and from postpaid customers, without much delay.
Does this mean that the sector is a good investment opportunity now? "With several licences
coming up for renewal, the 2G auction failure is good news for telecom companies. Though
they are not very expensive at the moment, the growth rate has come down. So investors can
expect only about 10% upside from the current level," says Anand Tandon, CEO, JRG
Aviation is another industry that has a high negative working capital because airlines collect
the money at the time of booking, months before they spend it to transport you. However,
aviation isn't a good bet now. "Since the sector is heavily in debt currently, the negative
working capital may not be of much relevance," says Subramaniam. The domestic aviation

industry is also plagued by several other problems like over-capacity, high airport charges,
high fuel cost, etc.
Some industries are known for generating fast cash and the FMCG sector is the best example
for this. Several FMCG companies have a high negative working capital. This may be because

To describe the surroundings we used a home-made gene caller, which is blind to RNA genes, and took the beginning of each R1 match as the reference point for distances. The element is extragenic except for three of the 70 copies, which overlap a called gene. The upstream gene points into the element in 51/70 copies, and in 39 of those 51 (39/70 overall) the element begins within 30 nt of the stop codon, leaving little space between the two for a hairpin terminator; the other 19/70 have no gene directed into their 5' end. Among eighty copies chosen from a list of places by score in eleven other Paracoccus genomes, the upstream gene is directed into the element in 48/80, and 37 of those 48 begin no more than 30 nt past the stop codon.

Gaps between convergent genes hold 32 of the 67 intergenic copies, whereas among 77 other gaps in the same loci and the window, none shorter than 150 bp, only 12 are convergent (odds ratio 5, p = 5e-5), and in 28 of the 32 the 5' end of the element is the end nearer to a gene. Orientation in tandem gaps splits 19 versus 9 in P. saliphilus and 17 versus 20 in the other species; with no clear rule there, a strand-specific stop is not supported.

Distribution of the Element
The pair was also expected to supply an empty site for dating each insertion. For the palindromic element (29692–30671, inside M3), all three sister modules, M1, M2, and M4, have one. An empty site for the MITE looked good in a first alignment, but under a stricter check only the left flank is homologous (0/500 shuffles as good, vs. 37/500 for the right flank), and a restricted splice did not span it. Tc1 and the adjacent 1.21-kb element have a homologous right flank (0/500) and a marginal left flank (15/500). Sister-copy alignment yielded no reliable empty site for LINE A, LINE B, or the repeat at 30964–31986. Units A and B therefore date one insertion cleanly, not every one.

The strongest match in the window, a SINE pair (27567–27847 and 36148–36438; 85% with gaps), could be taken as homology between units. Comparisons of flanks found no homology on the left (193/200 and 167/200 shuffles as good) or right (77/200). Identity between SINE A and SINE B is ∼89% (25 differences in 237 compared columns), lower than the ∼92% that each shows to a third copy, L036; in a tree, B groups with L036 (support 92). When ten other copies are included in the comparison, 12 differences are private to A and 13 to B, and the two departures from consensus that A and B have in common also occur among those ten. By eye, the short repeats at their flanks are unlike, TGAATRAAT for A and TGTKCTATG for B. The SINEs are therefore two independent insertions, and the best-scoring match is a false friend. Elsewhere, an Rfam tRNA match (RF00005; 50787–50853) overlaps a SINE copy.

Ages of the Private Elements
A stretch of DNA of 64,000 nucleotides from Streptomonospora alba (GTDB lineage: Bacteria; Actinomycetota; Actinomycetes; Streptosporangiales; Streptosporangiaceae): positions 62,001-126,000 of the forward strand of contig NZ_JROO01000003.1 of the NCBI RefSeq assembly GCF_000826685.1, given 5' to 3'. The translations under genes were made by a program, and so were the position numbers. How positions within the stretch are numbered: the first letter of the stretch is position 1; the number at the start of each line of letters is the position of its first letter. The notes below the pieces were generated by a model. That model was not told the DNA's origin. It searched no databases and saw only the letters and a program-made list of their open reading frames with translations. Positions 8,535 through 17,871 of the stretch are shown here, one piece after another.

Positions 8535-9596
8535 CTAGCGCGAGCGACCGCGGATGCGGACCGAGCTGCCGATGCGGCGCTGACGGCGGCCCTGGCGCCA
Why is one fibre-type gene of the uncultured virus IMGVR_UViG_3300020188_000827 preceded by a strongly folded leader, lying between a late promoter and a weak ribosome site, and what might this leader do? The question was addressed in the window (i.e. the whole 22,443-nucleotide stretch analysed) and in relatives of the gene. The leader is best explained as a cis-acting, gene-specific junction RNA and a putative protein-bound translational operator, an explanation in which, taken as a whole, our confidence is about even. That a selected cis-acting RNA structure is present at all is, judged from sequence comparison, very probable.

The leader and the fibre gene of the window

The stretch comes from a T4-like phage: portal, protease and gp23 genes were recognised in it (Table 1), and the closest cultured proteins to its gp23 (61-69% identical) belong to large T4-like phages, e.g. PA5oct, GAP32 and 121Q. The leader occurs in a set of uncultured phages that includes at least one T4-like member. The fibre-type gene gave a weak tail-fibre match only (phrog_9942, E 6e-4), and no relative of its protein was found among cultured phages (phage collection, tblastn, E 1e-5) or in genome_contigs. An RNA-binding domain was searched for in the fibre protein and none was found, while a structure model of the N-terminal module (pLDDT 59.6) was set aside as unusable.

their strong brand loyalty helps them maintain a low inventory as well as generate speedy
sales. Since these large companies have a high bargaining power, they are also able to extract
favourable terms from their suppliers. The products are sold to the customers and the cash
generated even before the company pays its suppliers. The additional cash generated can be
utilised for other purposes.
Though FMCG majors are fundamentally strong and well-managed companies, retail investors
should avoid them for now because most of them are quoting at very high valuations. "Most
FMCG stocks are overpriced now. However, if you want to invest for the long term, you can
buy shares of ITC. Its original business, cigarettes, will continue to generate cash in the future.
The other two businesses, food and hotel, where ITC is has been making investment for some
time, should also generate significant cash in future," says Tandon.
Other parameters
The negative working capital can be used as a screening criterion, but it's not the final stock
selection tool. What are the other parameters that investors should consider? The most
important is the ability to weed out capital guzzlers, especially from sectors that don't offer
very high operating margins. "Some capital-intensive businesses may have negative working
capital. Investors should look at those where the need for fixed capital is also less," says
"Along with the negative working capital, investors should also check whether the company
can generate free cash flow," says Subramaniam. This is calculated as operating cash flow
minus capital expenditure. So, free cash flow represents the cash that a company has even after